You can contact the Department of Justice to express your support for the pending legislation and budget increases by emailing or by calling the Attorney General’s public comment line at (202) 353-1555.


“Bruised Barbie” Photo Shoot Has Serious Implications September 14, 2011

Last week, we shared a Yahoo! article on our Twitter account about photographer Tyler Shields’ shockingly offensive photo shoot with Heather Morris, star of the hugely popular TV show Glee. We wanted to go into more detail about the serious implications of the images and how they relate to FVPC’s mission of preventing and ending domestic violence.

In the photos, which are posted on Shields’ blog under the caption “Even Barbie bruises,” Morris is dressed in high heels, a ‘50s-style dress…and a black eye. She poses with an iron, its electrical cord and ironing board. Although she is smiling, the images are disturbing. In one photo, a man’s hand holds the iron facing toward Morris while its cord is wrapped around her wrists. Another close-up photo of Morris’s face shows off the purple bruise around her eye – some have said it’s reminiscent of the real-life police photos of Rihanna after she was abused by Chris Brown in 2009.

Shields’ decision to depict Morris this way is extremely concerning. First of all, to portray a woman as a doll is harmful in itself, given that women have worked for decades to overcome social expectations of both feminine submission and unrealistic beauty standards. But even more problematic, the photos of Morris as a “beat-up Barbie” also disturbingly glamorize domestic violence. Shields is selling prints on his website, personally gaining from making light of a widespread cultural problem.

Domestic violence is reality for too many women, and it isn’t at all fun, although Morris seems to be having a great time in the photos, posing playfully with the household appliance props despite the implication that someone, presumably her partner, has been violent toward her. Rita Smith, Executive Director for the National Coalition Against Domestic Violence, commented on the seriousness of the use of the iron and ironing board to set the scene in an E! News article. “I don’t know if Tyler is aware but I’m quite sure there are plenty of women who have been abused by these kinds of household appliances and children as well being hit with electrical cords,” she said.

Shields said in a Slate interview that he thought the photos were “cool,” and that his mother is a survivor of domestic violence herself and didn’t find them offensive. Although Shields’ mother may not have told him she was disturbed by them, survivors are often triggered by photos relating to domestic violence – and the teenagers who love Glee and follow Morris’s work closely are just as likely to have experienced DV as children or intimate partner violence in their own relationships. Creating art centered around domestic violence can be effective and helpful to the violence prevention movement if its greater purpose is to draw attention to the issue and inspire action.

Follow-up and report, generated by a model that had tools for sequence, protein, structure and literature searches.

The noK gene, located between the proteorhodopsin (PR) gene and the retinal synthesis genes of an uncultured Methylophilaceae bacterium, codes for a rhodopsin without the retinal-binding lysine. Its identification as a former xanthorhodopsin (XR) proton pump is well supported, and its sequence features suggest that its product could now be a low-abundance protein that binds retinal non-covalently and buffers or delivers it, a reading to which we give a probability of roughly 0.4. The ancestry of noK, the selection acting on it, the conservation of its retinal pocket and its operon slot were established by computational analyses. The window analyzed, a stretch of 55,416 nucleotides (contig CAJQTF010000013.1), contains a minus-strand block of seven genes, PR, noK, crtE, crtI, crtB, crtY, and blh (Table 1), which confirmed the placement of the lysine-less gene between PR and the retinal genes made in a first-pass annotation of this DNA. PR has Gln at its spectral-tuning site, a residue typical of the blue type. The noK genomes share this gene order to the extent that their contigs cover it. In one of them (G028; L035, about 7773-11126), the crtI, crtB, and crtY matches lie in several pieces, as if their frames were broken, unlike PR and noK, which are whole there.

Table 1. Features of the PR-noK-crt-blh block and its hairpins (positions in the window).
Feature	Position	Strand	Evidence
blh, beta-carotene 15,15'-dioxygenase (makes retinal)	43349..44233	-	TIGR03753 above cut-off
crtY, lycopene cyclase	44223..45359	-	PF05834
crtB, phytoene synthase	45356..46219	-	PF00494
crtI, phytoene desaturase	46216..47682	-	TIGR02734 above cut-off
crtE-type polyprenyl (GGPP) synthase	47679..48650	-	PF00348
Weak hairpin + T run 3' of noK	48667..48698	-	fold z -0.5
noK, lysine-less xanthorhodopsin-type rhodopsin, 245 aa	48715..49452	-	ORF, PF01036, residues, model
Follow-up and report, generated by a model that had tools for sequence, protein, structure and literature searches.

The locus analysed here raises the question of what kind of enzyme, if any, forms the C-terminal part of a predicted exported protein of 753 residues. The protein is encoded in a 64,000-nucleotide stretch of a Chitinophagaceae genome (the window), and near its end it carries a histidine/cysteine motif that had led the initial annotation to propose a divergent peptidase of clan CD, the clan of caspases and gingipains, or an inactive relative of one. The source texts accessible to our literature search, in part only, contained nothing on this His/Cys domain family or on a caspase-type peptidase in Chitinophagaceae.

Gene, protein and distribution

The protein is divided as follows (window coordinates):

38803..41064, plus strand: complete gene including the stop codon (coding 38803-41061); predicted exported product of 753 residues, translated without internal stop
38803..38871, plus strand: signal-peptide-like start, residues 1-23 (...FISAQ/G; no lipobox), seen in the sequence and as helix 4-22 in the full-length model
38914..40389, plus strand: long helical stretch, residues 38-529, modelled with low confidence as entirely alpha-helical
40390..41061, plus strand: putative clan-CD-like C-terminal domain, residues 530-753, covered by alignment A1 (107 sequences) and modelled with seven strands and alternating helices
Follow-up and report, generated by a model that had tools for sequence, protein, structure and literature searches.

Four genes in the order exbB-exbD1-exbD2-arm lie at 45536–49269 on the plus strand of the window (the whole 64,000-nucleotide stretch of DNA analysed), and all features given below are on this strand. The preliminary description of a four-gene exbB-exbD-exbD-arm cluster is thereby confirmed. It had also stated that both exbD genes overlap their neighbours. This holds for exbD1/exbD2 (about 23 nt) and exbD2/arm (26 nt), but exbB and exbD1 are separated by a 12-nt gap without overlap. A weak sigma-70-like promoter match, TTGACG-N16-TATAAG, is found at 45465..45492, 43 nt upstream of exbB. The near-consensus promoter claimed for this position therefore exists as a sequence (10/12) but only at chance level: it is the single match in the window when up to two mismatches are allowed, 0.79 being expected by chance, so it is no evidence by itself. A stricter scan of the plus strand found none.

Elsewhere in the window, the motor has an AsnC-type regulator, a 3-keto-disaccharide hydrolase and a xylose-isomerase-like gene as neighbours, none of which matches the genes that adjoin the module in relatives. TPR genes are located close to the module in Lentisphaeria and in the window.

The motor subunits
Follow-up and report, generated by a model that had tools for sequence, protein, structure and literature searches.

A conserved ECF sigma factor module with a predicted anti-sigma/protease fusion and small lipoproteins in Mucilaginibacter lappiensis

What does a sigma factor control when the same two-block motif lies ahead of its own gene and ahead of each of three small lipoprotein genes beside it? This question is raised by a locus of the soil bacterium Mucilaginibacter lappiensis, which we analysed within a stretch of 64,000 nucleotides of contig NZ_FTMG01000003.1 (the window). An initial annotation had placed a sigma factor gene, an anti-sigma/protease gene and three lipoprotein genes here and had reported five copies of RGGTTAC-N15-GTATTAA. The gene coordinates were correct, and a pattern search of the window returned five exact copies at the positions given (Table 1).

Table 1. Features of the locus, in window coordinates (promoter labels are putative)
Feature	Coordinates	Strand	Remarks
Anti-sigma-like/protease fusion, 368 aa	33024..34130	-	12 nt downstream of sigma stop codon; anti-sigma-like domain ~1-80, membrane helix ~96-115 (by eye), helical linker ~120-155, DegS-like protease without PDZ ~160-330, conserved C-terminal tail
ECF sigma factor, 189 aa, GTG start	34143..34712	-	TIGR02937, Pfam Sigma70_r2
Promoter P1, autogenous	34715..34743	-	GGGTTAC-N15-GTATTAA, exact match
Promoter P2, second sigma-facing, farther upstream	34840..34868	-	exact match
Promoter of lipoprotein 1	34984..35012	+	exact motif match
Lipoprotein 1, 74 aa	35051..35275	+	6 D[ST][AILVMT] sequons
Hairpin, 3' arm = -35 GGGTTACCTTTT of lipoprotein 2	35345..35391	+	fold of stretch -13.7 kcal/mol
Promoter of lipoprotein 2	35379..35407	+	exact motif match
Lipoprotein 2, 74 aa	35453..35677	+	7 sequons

With no greater purpose than to create a photo that looks “cool” and make money, Shields unfortunately misses an opportunity to shed light on the real problem of domestic violence and to reach young people who should be empowered to help stop it.  What do you think?  Is this photo shoot offensive or artsy and cool?  Leave us your thoughts.



The Power of Being an Active Bystander June 17, 2011

In 2008 a 16-year-old high school cheerleader, identified as H.S., was sexually assaulted by three men at her school, one of whom, Rakheem Bolton, was a basketball player. Although Bolton received a year long prison sentence as well as a fine and two years of probation, throughout these past few years there was much debate about what type of punishment he should receive. At one point he was even allowed back into Silsbee high school and and allowed to take up his old position on the basket ball team.

H.S. refused to cheer for Bolton during his free throws. According to Ms. Magazine, the chant that she was expected to yell was, “two, four, six, eight, ten come on Rakheem put it in!” Instead of supporting or understanding H.S’s decision, the school kicked her off of the cheer leading squad effectively condoning Bolton’s actions and placing blame on the victim. When her parents filed a law suit against the school, not only did they lose the case, but the school is making them cover the trial costs which add up to $35,000.

When Artist Jason Ho heard about this injustice, he decided to do something about it. Ho is an illustrator and art director at Bongo Comics who has a blog called “Oh Snap! The Friggin Amazing J. Ho Sketch Blog…” He posted the story on his blog and sent out the word that he would hand draw sketches for people in trade for a $20 donation. The donation would go to H.S’s family to aid with the legal expenses.

The response was overwhelming. He planned on taking 20 requests, but within a matter of days had over 140! Ho epitomizes supporting survivors of sexual assault and domestic violence. He has never met this family before, and he is not rushing out to Texas to rally protesters; he is simply doing what is within his reach to help a family in need.

People like Jason Ho are a dose of encouragement and optimism for anyone who has ever felt strongly about a cause but did not know what to do. He shows us that anyone can make a difference, and that one person’s idea can help change lives. Ho in partnership with the Help a Cheerleader  site have managed to change H.S.’s life as well as her families, not just with the financial support, but also with psychological support. This family has the comfort of knowing that people all around the country believe that they were wronged by the justice system, and are willing to help them through their struggle.

If you want more information about how you can be an active bystander or how to support victims of interpersonal violence please contact the Family Violence Prevention Center  at (919) 929-7122.   We can all be active bystanders in our own unique ways and one persons’ actions can play a huge part in supporting and advocating for survivors and in ending interpersonal violence.